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Truck Safety: U.S. Senator Targets “Chameleon Carriers”

Sen. Charles E. Schumer (D-NY) has initiated a truck safety campaign that targets trucking companies that dissolve their businesses and re-emerge under new names to avoid federal safety regulations. These companies, also known as “chameleon carriers”, use the same staff, the same drivers and the same trucks and re-submit their trucking licenses under the new names. Truck safety advocates have pointed to chameleon carriers as some of the worst violators of federal and state safety regulations.

Senator Calls For Tougher Truck Safety Licensing

Senator Schumer held a press conference to notify the press about this major truck safety issue. The senator stated that a report from the Government Accountability Office showed more than 1,100 possible chameleon carriers registered for permits with the Federal Motor Carrier Safety Administration in 2010. Senator Schumer called on the FMCSA to enact stricter regulations regarding these applications, especially when the owners of the “new” trucking companies carry records with numerous truck safety violations.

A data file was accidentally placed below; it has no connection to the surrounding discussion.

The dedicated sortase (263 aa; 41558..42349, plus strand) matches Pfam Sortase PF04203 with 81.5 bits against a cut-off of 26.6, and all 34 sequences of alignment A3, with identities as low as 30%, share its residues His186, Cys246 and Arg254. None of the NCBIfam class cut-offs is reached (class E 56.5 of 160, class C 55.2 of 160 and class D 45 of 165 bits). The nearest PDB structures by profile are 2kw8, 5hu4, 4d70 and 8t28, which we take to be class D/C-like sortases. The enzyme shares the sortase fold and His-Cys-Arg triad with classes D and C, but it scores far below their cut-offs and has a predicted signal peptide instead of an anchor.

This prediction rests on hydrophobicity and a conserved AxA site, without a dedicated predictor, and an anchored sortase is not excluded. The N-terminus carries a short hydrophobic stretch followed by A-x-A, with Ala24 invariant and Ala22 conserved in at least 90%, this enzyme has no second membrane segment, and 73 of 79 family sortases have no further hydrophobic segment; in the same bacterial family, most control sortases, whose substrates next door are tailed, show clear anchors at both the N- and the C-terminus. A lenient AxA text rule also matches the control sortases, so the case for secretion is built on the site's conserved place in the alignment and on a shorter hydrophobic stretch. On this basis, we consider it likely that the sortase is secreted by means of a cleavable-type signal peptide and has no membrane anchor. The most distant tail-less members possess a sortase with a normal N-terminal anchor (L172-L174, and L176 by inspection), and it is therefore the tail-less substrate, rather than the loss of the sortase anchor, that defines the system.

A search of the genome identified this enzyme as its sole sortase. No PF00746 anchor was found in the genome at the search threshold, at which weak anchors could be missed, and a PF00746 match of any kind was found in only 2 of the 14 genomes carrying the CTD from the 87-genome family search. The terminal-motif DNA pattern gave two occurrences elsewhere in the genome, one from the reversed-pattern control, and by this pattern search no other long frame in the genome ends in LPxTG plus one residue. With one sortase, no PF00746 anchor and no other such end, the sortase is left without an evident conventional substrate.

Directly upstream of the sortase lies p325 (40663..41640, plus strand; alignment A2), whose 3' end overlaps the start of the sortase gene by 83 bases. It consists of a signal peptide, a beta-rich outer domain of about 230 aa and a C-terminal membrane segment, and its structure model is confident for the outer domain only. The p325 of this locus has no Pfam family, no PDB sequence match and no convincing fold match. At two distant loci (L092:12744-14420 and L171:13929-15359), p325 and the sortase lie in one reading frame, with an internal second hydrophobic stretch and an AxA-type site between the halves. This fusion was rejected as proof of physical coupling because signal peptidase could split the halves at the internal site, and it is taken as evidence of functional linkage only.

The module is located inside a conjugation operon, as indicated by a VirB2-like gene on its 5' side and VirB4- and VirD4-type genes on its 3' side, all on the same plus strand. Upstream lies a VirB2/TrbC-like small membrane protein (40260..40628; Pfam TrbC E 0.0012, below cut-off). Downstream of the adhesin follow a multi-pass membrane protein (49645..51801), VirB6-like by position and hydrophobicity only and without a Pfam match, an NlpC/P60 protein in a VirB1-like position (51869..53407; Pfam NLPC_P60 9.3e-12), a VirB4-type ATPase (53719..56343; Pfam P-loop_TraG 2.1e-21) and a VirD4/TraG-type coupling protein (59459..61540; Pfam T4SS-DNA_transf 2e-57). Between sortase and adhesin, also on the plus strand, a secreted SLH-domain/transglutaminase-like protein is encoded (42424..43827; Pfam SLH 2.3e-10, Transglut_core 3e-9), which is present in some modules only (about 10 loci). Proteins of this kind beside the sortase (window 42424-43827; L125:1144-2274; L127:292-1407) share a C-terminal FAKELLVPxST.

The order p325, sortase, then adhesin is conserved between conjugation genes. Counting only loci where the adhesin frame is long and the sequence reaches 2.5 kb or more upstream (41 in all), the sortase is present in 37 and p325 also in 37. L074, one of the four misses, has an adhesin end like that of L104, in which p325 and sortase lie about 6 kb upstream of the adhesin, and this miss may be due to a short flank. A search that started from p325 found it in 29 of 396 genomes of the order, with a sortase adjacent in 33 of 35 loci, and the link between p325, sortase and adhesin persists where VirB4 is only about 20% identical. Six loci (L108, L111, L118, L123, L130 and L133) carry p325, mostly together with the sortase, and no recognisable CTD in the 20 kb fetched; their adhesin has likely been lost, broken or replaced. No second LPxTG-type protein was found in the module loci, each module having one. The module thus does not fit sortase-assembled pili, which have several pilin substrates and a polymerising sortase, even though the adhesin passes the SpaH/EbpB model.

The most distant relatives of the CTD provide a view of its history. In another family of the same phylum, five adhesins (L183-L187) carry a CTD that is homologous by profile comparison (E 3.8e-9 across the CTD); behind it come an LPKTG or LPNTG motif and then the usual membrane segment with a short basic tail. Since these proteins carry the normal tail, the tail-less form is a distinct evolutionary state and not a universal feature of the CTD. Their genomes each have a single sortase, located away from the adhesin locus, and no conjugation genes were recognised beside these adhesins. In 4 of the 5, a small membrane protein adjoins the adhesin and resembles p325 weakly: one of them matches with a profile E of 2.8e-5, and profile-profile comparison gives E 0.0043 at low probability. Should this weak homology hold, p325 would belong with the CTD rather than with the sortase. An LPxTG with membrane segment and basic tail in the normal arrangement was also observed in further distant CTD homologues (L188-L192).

“Chameleons” Evade Truck Safety Scrutiny

While Senator Schumer emphasized that most companies and drivers strive to obey all truck safety regulations, the chameleon carriers have the same “bad apples” that “pose a serious risk” to other drivers and pedestrians. The senator pointed to an example of a Texas trucking company, Forrest Rangeloff, that employed a driver involved in a fatal accident in 2008. The company later dissolved and re-formed under two other names, Range Transportation and Range-It Express. The dissolution allowed the company to avoid having the truck safety violations on its license application.

Tougher Screening For Truck Safety Applications

Senator Schumer urged the FMCSA to include the truck safety records of individual drivers and company histories in the screening process for new trucking licenses. The inclusion of safety records for employees of the previous entity, the senator told reporters, would close a loop hole “so large you could drive a truck through it.” The stricter regulations would also include financial penalties for chameleon companies attempting to hide their truck safety violations and re-emerge as new entities.

Source: The Trucker

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